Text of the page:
This leads me to the critique made against Bradley Manning for the dump of such a wide and indiscriminate swath of documents.  Bradley Manning (assuming that it is indeed mister Manning who released the documents, which has not yet been proven), sitting at a computer on a military base did not have the time to sift through hundreds of thousands of classified documents., to determine which ones were vital to our national interest, and which were trivia.  He saw enough (such as the murder of Reuters reporters by U.S. soldiers) to know that he had to do something, and at tremendous cost to himself he smuggled those documents out and sent them to the one journalistic organisation he felt he could rely on to release the meaningful information:  Wikileaks.   Wikileaks in turn has made an effort to redact those documents which might pose a risk to the life and liberty of people, even to the point of contacting the Pentagon and mainstream media channels to ask for assistance with the redaction.

Copyright is not theft.

Every once in a while I read some rants in the newsgroups, and find myself compelled to reply.  Below is a recent post I made in sci.skeptic.

On Thu, 09 Dec 2010 01:17:27 -0800, Michael Gordge wrote:

>> >> >> >> >A parasite is a person who claims he is not stealing anything
>> >> >> >> >by copying

I really get annoyed how often I see this opinion expressed.  It’s a sad testament to the power of the propaganda model of the American media.

Do you know how you can tell that copyright violation is not theft?  There are several ways.  One very simple one is that they had to create specific laws prohibiting copyright violation, despite the fact that property laws (and thereby the legal concept of theft) already existed.  They are disjoint and separate things, and someone copying a book simply could not be prosecuted under theft laws.  It was perfectly legal to do so until copyright law was created.  I.e. theft!=copyright.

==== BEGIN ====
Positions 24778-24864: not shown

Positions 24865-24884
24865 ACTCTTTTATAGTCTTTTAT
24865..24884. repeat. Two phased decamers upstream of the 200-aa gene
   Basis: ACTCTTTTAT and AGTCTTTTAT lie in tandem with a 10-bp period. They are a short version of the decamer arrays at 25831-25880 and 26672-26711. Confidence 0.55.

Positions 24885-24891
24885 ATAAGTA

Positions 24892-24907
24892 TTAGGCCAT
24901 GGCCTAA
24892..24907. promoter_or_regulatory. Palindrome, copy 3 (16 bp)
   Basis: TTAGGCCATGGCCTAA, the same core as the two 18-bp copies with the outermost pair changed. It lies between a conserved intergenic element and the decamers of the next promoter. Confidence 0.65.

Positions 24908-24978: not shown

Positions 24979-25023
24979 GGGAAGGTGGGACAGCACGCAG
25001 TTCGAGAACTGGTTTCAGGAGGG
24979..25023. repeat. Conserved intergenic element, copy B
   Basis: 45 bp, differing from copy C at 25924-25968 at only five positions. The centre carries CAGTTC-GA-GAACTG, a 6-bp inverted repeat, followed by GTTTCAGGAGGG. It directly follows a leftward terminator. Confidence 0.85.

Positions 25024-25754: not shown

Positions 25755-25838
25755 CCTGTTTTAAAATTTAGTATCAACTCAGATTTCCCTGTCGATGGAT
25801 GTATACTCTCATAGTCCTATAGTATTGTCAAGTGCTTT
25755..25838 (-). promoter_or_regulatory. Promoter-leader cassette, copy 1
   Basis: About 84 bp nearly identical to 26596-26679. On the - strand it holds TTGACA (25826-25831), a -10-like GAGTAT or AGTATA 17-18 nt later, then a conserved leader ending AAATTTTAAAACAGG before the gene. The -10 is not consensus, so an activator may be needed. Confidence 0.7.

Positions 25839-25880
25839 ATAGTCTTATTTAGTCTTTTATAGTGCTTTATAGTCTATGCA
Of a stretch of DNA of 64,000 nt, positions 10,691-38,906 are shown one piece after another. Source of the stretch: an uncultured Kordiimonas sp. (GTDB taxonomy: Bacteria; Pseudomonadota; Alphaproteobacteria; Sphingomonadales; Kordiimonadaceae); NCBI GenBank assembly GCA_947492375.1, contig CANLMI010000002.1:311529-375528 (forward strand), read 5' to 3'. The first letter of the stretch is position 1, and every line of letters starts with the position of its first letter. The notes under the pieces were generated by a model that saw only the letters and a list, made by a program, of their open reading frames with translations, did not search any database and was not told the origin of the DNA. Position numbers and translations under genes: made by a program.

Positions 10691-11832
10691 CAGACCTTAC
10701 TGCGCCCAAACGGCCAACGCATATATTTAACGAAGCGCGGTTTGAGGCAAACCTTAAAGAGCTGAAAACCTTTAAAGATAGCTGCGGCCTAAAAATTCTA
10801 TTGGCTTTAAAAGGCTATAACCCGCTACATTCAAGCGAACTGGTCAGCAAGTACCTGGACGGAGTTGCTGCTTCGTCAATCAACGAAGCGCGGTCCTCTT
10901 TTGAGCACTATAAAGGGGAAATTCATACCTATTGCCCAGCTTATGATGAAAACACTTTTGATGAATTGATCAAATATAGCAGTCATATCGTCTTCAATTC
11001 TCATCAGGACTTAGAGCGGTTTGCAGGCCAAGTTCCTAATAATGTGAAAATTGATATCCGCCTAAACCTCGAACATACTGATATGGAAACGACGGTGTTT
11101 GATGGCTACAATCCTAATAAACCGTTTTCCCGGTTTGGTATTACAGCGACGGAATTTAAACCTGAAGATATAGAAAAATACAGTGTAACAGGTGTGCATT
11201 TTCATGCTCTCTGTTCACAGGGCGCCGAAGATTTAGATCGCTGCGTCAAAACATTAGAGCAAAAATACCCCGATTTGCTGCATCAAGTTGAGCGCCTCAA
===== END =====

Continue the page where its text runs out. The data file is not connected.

Another way you can tell that copyright violation is not theft is the simple principle that theft, by definition, denies the original owner of the use of whatever was stolen.  If I steal your bicycle you have to walk or take the bus.  If I make a copy of your bicycle, we can both ride.

The reason you are so brainwashed to believe that copyright == theft is due to a very deliberate and expensive advertising campaign (which would have been called a propaganda campaign 70 years ago before the word became pejorative) trying to make an emotional (not factual or logical) connection between copyright and property laws.  It’s a very successful exercise in framing, which causes its victims, like you, to regard “intellectual property” as real property, preventing you from engaging in real and meaningful debate (internally or with others) on the subject.

If you did think about the subject rationally and free from the framing prejudice built into you by the mass media (who, not coincidentally are the biggest profiteers from copyright law), you might bother to learn about the history, the social context, and the social impact of copyright law.  You might learn that the founders of the constitution were strongly ambivalent about the copyright and patent laws.  They viewed them as restrictions of freedom of speech (which they are).  In the end they decided to implement short copyright laws as well as patents, as an attempt to stimulate creative works.